A decade ago, when Geoffrey R. Stone was beginning to research his new book on sex, law, and religion, he wasn’t quite sure where his inquiry was headed. And that was unusual; he’d always started his projects with a pretty accurate roadmap.
“It was the first time I’d ever embarked upon an enterprise without knowing what I was going to need to know, or where I was going to need to go,” said Stone, a constitutional scholar and the Edward H. Levi Distinguished Service Professor of Law. “In this case, I thought I was going to write a relatively narrow legal analysis of these issues—nobody had ever looked at abortion, contraception, gay rights, and sexual expression as a whole.”
As his path widened and wound, though, it took him deep into the past—and eventually lead to Sex and the Constitution: Sex, Religion, and Law from America’s Origins to the Twenty-First Century (Liveright, March 2017), the first and only comprehensive history of how sex came to be legislated in America.
There were intriguing commonalities in the three legal areas Stone set out to explore. Issues related to obscenity, sexual orientation, and reproductive rights were inextricably bound up in religious beliefs about sin and shame—a conundrum, Stone noted, given the nation’s historic commitment to the separation of church and state. And so early on, he began to think about the men who had designed the US Constitution, which lays out both religious freedom and the separation of church and state—but says almost nothing about sexual freedom.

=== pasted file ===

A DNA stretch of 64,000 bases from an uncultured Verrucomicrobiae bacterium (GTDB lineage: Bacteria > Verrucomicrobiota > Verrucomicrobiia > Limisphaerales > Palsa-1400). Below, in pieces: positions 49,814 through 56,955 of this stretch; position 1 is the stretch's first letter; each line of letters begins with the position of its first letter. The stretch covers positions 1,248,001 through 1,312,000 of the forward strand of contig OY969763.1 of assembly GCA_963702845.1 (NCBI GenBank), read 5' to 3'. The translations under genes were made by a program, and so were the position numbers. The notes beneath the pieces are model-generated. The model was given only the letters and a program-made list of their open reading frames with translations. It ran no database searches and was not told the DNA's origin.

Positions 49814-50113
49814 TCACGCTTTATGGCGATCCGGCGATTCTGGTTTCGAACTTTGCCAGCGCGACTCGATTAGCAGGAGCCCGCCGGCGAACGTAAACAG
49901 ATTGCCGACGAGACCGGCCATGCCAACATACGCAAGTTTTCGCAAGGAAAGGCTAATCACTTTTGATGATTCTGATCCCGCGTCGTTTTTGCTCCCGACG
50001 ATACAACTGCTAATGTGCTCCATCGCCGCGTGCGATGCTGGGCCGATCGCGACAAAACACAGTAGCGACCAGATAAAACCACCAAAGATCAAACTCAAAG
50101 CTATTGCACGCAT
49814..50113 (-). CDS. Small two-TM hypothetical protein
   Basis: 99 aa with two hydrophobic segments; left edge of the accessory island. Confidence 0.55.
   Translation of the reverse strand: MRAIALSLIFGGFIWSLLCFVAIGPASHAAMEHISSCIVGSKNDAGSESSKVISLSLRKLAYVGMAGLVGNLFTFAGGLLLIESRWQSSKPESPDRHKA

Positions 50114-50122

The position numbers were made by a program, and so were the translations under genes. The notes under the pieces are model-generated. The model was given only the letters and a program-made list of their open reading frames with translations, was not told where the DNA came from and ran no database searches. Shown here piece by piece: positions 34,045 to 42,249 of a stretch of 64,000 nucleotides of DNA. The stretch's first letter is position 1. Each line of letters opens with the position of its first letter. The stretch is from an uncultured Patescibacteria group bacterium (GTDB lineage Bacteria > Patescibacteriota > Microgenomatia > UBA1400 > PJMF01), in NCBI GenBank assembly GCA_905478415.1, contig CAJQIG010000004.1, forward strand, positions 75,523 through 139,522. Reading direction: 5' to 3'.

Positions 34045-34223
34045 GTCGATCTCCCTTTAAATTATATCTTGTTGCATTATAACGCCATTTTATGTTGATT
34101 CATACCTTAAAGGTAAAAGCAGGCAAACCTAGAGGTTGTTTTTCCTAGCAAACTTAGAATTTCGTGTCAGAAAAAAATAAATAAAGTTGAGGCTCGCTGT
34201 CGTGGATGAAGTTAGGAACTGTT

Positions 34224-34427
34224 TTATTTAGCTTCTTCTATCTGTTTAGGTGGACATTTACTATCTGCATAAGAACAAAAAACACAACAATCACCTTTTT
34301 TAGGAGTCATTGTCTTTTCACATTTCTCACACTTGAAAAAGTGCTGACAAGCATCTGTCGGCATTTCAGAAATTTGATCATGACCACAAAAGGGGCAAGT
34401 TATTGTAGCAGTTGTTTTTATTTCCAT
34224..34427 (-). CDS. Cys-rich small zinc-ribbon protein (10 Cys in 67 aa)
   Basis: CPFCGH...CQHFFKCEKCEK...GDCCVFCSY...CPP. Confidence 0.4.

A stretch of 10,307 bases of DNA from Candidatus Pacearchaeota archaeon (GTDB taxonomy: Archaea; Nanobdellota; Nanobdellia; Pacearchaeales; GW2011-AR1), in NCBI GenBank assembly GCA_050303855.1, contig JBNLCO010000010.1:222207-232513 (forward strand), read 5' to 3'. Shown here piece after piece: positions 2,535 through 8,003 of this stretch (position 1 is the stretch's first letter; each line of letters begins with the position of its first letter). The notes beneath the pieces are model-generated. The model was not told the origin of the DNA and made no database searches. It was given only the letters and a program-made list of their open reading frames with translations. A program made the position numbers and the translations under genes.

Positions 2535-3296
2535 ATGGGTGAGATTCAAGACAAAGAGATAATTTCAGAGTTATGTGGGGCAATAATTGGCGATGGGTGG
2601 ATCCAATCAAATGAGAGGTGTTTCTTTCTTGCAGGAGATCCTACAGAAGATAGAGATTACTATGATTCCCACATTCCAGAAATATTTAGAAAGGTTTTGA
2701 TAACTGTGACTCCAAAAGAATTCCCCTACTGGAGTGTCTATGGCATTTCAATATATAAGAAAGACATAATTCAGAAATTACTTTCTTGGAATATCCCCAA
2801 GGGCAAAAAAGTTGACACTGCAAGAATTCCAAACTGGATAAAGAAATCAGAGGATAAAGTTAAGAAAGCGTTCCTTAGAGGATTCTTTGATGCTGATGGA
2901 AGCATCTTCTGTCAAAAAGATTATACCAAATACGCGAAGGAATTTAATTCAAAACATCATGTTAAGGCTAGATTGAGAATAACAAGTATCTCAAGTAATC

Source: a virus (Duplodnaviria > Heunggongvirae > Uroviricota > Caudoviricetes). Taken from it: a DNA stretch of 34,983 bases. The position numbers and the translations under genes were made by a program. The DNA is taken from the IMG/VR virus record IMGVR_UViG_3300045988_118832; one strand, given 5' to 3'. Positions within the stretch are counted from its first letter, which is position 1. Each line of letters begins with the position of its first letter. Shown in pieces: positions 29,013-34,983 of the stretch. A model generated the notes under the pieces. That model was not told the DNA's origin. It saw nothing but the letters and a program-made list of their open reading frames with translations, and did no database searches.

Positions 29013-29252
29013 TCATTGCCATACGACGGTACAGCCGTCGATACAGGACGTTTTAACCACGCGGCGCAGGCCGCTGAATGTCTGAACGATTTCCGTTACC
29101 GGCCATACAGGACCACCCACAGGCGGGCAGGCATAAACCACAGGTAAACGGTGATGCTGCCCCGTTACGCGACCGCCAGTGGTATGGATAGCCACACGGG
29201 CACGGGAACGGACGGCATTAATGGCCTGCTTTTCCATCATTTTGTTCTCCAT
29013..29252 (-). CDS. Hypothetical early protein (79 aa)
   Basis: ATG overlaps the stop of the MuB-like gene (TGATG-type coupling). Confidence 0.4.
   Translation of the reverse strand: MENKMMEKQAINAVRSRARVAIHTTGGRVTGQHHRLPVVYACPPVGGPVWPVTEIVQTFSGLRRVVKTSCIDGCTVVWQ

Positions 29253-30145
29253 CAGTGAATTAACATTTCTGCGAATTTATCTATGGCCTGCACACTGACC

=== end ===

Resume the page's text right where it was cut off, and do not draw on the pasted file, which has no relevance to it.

“Why didn’t they guarantee a constitutional right to, say, have an abortion? Part of the answer to that, I would suspect, is that it never would have occurred to them—it had always been legal, and no one had ever fussed over it,” Stone said. “It wasn’t like free speech, or search and seizure, or self-incrimination, where there had been long histories of what the Framers saw as abuse and denial of these rights. I’m sure they didn’t give a moment’s thought to these issues (of sexual freedom) because they took for granted that it was like eating—you don’t need a right to eat.”
What, he began to wonder, would the Framers make of contemporary America and its political preoccupation with abortion, contraception, sodomy, and obscenity and its divisive battles over the government’s role in regulating sexual behavior?
“I think if you’d asked the Framers, they would have said that for the government to enact laws that impose one religion’s faith upon other persons, particularly when the other persons are exercising a fundamental personal right, would be incompatible with the idea of separation of church and state,” Stone said.
But how does one separate norms and morality from religion? Whose values qualify as “traditional values”? And how and why did sex, religion, and law become so enmeshed?